Monochromatic Photography


I have a fascination with monochromatic photography right now. My photography class took a field trip last Friday to see the Edward Weston photography exhibit at the Bowers Museum in Santa Ana, California. Most of his work was done in black and white, and I love it. I couldn’t wait to do the same. I took the photo above on my morning walk, and the one below is a close up of a spider web in my neighbor’s yard. I’d been eyeing it for several days, and this morning I took out my cell phone and snapped a picture.


This is Luna. I took his photo in an ice cream shop we stopped at during the field trip. He was a beautiful dog and not at all interested in us, as you can see.


This last photo is the bark of a tree I saw at the Bowers Museum. The original was in color, but I was able to edit it in black and white. In fact all of these photos started out in color, and I changed them to monochrome. It really is amazing to see what you can do with a digital camera. This wasn’t my first time trying monochromatic photography.  Two years ago while in Zion National Park, I took quite a few photos in black and white and loved the affect. I wrote two posts, Monochromatic Photography, and Another Monochromatic Day. Take a look if you would like to see those photos. Edward Weston was a world renowned photographer, and I had fun trying some of his techniques. He of course did not have a digital camera, and we learned that he didn’t manipulate his photos with editing, which makes his photography even more amazing. The exhibit is well worth seeing.

Photography’s Golden Hour

Blue-flowers-2
I took this photo this evening between 7:00 and 8:00. This was the hour before sunset, also known as the golden hour. It is also called the magic hour. In the morning, the hour after sunrise is also a golden hour. During these times, the sun’s angle filters the light, and colors are more saturated and vibrant.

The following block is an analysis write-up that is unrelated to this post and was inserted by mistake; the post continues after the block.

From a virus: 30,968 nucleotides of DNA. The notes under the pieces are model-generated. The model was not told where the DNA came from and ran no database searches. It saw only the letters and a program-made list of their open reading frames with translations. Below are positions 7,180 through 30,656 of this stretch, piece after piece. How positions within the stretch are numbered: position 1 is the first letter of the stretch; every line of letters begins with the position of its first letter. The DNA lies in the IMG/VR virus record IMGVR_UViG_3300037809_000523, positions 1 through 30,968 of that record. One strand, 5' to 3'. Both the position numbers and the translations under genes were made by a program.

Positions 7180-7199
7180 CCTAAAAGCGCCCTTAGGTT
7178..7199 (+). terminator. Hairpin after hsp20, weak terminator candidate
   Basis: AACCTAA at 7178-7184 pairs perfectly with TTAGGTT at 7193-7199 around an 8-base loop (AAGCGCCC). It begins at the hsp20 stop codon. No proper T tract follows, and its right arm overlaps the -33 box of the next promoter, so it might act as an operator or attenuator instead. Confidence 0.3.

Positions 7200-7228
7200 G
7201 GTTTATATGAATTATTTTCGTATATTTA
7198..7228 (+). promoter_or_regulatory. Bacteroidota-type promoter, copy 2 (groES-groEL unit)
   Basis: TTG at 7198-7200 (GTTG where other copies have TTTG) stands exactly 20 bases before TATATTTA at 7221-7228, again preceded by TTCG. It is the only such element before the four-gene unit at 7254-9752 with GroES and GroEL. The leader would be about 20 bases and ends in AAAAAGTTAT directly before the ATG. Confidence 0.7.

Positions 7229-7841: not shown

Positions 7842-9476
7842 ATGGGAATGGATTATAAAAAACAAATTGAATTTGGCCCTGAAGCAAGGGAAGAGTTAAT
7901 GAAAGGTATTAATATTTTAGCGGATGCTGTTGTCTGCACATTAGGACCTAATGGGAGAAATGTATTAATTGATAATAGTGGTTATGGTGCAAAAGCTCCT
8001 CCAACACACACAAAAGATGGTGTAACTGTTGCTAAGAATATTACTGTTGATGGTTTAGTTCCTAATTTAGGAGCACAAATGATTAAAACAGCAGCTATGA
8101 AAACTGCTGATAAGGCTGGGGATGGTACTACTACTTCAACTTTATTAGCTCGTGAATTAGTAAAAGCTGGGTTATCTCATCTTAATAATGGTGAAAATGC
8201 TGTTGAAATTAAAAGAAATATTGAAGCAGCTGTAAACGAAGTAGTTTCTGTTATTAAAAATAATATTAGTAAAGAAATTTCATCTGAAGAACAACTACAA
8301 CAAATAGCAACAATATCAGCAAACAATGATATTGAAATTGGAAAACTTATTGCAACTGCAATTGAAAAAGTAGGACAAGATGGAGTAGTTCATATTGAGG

Bougainvillia
Pink-flowers
All of these photos were taken during that Golden hour. By looking on a weather app, I was able to learn that sundown today would occur at 8:00, so I planned to take photos during the prior hour. If this is something new to you, I hope you’ll go outside during that magical hour and take photos. Even if you don’t have a camera, the rich colors are  obvious and a joy to see. Continue reading

Taking Time to Really Look

sunset

This semester I’m taking a class in beginning digital photography. One of the homework assignments was to photograph a sunset. The first two evenings, I got so busy, I forgot to go outside and look. On the 3rd day, I actually set an alarm to remind myself  to head out into the backyard with my camera, at the appropriate time. Looking over our back wall, I realized  that I had never really looked at a sunset. It was lovely and I got a few good shots, but not as colorful as I had hoped. The next evening my husband and I climbed a near by trail just before the sun went down and were rewarded with a beautiufl view of a breathtaking sunset. The class assignment had turned into a very enjoyable experience that included a lovely walk with Martin.

water ripples

The second assignment was to take an action shot. I chose the ocean water moving over rocks at Dana Point Harbor.  Again, something I had never really taken the time to observe closely.

When I registered for the class, my motive was to learn to take better photographs.  What I didn’t realize, was just how many beautiful subjects there are to photograph, when we slow down enough to look around and really see. I hope to improve my skills, but even if I don’t, I have learned a valuable life lesson. I find myself constantly looking for the perfect subject for my next photo, and this alone has taught me to appreciate the beauty that is all around us. Perhaps after reading this, you may find yourself taking a little more time to notice the beauty which I’m sure surrounds you too.